Now They're Talking About "smart" Trailers

Topic 26507 | Page 1

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DaveW's Comment
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While Class 8 tractors are getting smarter, and even learning to drive themselves -- and getting all of the media attention – there's one other element in the trucking supply chain that is getting a boost in smarts as well, but still riding relatively under the radar.

Now they're talking about "smart" trailers

OOS:

When a violation by either a driver or company is confirmed, an out-of-service order removes either the driver or the vehicle from the roadway until the violation is corrected.

Rick S.'s Comment
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Great - more stuff to break.

Rick

Southern Dad's Comment
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I love technology. My house is loaded with smart home technology. Even my chicken house is smart. Trailers have added skirts and tails to get better mpg. Monitors for 4 wheelers to see ahead is an excellent idea. Another great idea is a camera that transmits to the driver, like RVs have.

G-Town's Comment
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I love technology. My house is loaded with smart home technology. Even my chicken house is smart. Trailers have added skirts and tails to get better mpg. Monitors for 4 wheelers to see ahead is an excellent idea. Another great idea is a camera that transmits to the driver, like RVs have.

How so?

It would be one more distraction (that will eventually fail and requires PTI time) to take attention away from the road and our mirrors.

No thanks.

Southern Dad's Comment
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I see your point but instead of looking at how it won't work, let's think about how it could benefit the truck driver. What if your mirrors no longer had a blind spot? You know that spot that is filled up with trailer? What if the left mirror and right mirror were able to see everything behind you? The outside mirrors are made of shiny reflective glass because that is from what they have always been made. There are cars now that have Surround View Cameras. This is done by stitching the view from several cameras together.

Do you wish that you didn't have a blind spot? Do you wish that you could see everything around the truck/trailer in one view instead of having to look at two mirrors? How many feet is it to that truck dock? Where will the vehicle track with the wheels turned as they are? This technology is out there. It's not in the semis because, it costs money. It's in the new 2019 Dodge Ram Pickup Truck.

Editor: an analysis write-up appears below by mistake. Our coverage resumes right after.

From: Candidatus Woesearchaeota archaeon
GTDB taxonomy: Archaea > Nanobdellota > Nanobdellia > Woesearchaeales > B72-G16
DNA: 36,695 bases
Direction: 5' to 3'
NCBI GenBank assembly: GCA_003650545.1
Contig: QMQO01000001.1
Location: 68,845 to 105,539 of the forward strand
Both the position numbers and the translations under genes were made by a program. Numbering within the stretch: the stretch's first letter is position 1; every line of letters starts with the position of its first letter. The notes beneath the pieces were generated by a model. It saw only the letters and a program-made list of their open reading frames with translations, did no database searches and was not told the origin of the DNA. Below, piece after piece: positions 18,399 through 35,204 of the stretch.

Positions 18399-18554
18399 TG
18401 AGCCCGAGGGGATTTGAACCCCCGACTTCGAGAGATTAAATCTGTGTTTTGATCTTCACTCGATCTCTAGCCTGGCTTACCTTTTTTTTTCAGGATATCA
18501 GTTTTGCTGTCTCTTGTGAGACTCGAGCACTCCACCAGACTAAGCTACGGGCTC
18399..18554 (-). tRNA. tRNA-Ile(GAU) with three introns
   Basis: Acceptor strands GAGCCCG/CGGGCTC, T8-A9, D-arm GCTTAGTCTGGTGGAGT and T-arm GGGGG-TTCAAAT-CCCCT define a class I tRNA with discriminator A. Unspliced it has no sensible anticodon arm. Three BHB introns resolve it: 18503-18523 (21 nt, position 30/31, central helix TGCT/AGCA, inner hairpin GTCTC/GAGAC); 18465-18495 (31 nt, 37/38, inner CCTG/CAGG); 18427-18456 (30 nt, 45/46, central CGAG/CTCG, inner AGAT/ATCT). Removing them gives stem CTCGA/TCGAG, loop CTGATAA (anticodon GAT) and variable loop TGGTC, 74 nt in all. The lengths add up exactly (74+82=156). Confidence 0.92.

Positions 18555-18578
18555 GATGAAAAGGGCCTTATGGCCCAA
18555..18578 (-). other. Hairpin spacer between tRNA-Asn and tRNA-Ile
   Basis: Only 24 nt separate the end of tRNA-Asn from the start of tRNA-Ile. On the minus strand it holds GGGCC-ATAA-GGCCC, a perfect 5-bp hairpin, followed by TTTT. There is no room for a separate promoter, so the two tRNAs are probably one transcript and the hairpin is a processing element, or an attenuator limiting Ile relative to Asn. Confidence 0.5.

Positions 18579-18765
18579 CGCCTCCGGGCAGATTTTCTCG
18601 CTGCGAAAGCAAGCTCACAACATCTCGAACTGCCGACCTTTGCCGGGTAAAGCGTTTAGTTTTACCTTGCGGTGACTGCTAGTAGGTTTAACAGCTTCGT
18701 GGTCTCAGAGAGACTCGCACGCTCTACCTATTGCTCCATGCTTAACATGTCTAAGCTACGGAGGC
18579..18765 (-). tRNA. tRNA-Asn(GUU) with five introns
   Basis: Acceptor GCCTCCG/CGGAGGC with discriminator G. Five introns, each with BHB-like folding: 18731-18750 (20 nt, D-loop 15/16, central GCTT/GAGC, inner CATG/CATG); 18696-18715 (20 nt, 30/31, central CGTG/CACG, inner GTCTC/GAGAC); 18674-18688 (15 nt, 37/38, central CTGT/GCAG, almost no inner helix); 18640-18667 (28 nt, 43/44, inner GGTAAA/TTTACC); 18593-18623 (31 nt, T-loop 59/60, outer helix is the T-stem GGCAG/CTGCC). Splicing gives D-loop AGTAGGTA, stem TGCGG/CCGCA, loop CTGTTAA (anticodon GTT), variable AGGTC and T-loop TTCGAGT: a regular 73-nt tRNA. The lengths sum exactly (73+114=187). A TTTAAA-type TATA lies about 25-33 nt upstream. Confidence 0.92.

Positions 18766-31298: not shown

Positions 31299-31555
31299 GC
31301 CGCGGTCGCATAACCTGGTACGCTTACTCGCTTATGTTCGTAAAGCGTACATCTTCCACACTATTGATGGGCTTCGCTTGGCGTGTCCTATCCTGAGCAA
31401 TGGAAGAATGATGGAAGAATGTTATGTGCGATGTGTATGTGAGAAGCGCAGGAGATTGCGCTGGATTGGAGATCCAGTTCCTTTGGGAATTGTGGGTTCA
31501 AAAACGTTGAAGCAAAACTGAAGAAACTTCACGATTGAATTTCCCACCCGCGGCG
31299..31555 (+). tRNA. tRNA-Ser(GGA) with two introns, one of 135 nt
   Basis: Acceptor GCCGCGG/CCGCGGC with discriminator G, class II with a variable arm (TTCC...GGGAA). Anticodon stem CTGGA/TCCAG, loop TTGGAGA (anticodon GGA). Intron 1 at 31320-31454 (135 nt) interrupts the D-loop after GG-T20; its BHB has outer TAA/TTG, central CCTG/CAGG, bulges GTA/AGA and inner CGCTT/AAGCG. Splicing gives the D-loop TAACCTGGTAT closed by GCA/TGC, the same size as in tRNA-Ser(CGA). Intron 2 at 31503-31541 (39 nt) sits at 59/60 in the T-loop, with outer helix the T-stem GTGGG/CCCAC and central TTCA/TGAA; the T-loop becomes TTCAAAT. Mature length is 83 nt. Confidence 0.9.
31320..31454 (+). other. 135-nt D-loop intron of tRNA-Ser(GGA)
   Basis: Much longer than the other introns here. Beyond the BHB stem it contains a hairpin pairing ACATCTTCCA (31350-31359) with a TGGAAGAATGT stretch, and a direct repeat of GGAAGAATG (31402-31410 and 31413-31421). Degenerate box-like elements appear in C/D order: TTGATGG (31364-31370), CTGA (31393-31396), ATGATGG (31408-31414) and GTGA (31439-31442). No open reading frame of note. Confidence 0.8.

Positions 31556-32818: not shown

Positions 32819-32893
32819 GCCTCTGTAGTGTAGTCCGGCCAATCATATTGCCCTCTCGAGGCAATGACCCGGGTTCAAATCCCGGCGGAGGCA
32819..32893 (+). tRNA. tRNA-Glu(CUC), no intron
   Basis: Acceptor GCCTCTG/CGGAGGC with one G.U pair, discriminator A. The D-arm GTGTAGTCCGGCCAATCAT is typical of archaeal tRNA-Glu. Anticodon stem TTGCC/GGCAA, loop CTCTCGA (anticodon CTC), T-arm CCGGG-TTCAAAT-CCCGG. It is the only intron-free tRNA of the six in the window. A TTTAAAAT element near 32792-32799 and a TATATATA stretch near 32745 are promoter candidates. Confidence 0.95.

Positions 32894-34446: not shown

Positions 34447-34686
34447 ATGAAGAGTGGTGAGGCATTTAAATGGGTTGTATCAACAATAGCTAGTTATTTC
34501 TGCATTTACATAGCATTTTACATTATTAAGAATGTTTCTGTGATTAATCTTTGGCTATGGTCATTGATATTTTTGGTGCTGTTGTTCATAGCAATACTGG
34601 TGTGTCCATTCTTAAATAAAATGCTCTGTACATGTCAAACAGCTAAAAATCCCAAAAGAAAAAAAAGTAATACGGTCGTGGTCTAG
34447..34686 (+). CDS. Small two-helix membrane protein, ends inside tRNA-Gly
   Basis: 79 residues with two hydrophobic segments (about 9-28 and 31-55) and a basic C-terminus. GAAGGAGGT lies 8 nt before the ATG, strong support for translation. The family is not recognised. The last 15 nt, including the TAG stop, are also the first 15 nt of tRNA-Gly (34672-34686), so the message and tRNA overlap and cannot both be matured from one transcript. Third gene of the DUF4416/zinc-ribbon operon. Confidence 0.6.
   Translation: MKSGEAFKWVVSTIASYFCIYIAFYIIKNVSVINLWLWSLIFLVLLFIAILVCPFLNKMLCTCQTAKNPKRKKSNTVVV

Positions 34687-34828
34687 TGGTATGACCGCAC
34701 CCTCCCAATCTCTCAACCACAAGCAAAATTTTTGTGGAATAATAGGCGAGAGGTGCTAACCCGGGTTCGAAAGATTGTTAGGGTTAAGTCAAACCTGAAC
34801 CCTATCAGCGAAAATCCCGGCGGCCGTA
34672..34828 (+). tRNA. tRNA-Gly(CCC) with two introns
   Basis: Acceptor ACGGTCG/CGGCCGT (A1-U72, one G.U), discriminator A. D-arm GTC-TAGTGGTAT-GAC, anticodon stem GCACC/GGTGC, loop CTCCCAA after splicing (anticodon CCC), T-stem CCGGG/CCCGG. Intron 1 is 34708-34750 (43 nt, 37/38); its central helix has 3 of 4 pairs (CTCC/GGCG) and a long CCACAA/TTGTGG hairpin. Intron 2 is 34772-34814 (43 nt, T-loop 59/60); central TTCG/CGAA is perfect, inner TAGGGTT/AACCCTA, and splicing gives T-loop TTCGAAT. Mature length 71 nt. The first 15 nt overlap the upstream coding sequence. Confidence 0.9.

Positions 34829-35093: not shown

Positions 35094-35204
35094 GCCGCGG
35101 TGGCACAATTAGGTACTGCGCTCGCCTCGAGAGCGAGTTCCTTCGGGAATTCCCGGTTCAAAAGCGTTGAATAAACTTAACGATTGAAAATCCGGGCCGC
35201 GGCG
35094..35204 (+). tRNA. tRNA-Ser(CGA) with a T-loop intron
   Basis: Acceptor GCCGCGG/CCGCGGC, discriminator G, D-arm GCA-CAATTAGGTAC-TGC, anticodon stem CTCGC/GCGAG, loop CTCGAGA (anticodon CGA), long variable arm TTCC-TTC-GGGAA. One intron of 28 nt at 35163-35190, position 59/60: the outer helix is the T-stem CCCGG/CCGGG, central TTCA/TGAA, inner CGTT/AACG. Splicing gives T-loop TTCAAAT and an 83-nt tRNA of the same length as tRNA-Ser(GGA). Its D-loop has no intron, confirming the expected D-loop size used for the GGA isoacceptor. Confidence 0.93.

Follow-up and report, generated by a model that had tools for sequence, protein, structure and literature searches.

While this would make truck driving safer and easier, is it a good idea? That is sort of like discussing trucks moving to automatics versus stick shifts. Are some skills being lost? Yes, but eliminating that blindspot certainly wouldn't be a bad thing.

0702091001568041277.jpg

G-Town's Comment
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Sorry there Dad, I don't think you see my point at all... and until you actually begin to experience this "hands-on", it's likely you won't. And that's okay...

Technology is only a tool (and in this business, it fails frequently and at the worst possible time)... Technology should NOT be intended to replace basic fundamentals of safe driving. The blind spot you speak of is actually insignificant for a driver that knows what they should be doing when it comes to effective space management, backing, and proper use of G.O.A.L. This device although"neat", wouldn't even make my top-10 list of things I'd like to see implemented-changed in this industry.

I maintain my original point...it's a distraction and one more point of unnecessary failure we need to worry about and attend to. That's reality friend...reality is "where we live".

I strongly suggest you focus on these two links before getting too far ahead of yourself...

Becoming A Truck Driver: The Raw Truth About Truck Driving

Truck Driver's Career Guide

Good luck.

Southern Dad's Comment
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As of May 2018 a back up camera is now required equipment in all passenger vehicles. It was looked at as unnecessary equipment just a few years ago. I understand your point about failures and distractions. Do you understand my point? The point that it could make things safer for truckers? It would be different, and it would take time to adjust. Rather than two mirrors and looking left or right, this would be a way to see 360º around the truck without having to look back and forth.

I have looked at the links and I get your admonishment that I don't know what I'm talking about when it comes to trucks. I have a 36' RV that has a rearward facing camera. Two out of our six vehicles that we use in the family have back up cameras. I notice the difference when I get in my CR-Z, as opposed to when I drive they Prius or Elantra, which both have back up cameras. Yes, I can still back up and put that little sucker right in the spot using only the side mirrors. (The interior mirror on a CR-Z is worthless.)